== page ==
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The University in the Minds of the Founders
LUNCH 11:45 a.m., LECTURE 12:15 p.m.

The American university went through two major revolutions in the past century, the first driven by ideas of progressive reform, and the second by radical preoccupations with cultural change. Each revolution brought us further from the founders’ understanding of the purpose of the American university – what Jefferson called a “republic of letters.” James Piereson will discuss the founders’ understanding of the American university, and the possibility of restoring the principles of liberty, the search for truth, and the respect for the heritage of free institutions in a revitalized “republic of letters.”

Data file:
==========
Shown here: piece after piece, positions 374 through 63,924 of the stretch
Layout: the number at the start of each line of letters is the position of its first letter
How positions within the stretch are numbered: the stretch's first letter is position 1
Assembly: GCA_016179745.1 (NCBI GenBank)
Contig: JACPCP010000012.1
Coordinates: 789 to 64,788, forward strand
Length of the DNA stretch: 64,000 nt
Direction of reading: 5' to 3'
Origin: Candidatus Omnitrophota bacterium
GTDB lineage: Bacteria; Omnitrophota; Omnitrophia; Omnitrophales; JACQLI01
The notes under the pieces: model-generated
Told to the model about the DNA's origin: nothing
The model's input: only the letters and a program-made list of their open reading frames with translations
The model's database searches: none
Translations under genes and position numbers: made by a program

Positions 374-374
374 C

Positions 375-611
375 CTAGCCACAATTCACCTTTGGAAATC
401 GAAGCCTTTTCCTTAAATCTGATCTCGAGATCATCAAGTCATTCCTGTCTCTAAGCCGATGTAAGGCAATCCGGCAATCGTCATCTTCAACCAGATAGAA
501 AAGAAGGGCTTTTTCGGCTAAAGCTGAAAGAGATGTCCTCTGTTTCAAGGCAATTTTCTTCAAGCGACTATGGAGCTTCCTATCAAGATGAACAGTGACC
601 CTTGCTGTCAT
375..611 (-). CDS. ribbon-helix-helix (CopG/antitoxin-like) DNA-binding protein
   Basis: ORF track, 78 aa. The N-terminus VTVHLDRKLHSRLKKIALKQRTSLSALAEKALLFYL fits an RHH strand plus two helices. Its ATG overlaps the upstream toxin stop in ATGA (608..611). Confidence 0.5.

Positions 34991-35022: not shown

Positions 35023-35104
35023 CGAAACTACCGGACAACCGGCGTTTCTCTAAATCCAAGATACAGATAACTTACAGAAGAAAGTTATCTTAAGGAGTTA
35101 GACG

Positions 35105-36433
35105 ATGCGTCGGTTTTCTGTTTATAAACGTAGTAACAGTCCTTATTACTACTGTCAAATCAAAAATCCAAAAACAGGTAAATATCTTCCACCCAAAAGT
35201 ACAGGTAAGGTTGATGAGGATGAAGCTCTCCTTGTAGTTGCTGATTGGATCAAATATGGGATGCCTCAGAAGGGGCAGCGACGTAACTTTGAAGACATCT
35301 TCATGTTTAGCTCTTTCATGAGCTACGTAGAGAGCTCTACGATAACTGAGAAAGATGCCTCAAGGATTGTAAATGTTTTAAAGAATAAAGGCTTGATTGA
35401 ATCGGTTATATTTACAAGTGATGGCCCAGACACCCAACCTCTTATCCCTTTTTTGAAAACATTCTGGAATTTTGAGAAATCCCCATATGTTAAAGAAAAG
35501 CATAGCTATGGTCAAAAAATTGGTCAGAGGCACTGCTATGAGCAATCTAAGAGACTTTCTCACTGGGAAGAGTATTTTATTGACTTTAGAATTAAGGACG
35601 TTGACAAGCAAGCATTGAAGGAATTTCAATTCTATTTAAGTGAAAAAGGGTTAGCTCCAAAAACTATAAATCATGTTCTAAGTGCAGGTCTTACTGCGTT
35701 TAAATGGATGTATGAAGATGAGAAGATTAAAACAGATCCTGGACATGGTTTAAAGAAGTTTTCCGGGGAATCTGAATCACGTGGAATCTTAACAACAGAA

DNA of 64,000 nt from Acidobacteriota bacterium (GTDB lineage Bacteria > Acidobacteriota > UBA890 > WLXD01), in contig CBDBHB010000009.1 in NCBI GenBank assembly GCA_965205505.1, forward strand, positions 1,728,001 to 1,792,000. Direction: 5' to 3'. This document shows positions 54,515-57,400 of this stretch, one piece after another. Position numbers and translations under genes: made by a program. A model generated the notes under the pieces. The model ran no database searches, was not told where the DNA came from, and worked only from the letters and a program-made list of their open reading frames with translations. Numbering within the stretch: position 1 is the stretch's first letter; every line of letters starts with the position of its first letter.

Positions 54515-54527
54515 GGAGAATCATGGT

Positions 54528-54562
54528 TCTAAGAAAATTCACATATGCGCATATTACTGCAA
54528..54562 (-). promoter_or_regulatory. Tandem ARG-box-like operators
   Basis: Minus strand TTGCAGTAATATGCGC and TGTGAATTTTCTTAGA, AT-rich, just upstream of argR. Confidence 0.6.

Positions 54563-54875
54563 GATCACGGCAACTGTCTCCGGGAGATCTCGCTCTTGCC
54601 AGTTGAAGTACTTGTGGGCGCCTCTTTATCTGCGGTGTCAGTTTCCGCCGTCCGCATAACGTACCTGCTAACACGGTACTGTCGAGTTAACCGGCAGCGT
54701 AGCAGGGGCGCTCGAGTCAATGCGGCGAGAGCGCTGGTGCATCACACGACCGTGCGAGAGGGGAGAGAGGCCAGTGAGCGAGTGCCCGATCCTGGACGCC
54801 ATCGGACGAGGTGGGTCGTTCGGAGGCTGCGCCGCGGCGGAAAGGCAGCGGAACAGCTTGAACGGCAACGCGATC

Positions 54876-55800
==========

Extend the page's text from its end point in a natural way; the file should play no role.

James Piereson is president of the William E. Simon Foundation, a private grantmaking foundation with charitable interests in education, religion, and the problems of youth. He is also a senior fellow at The Manhattan Institute, where he heads a project on "The American University." He was executive director and trustee of the John M. Olin Foundation from 1985 until the end of 2005.

Mr. Piereson served on the Political Science faculties of several universities, including Iowa State (1974), Indiana University (1975), and the University of Pennsylvania (1976-82), teaching courses in United States government and political theory.

The author (with J. Sullivan and G. Marcus) of Political Tolerance and American Democracy (1989), Piereson has published articles and reviews in numerous journals. His talk is sponsored by the Henry Salvatori Center for the Study of Individual Freedom in the Modern World.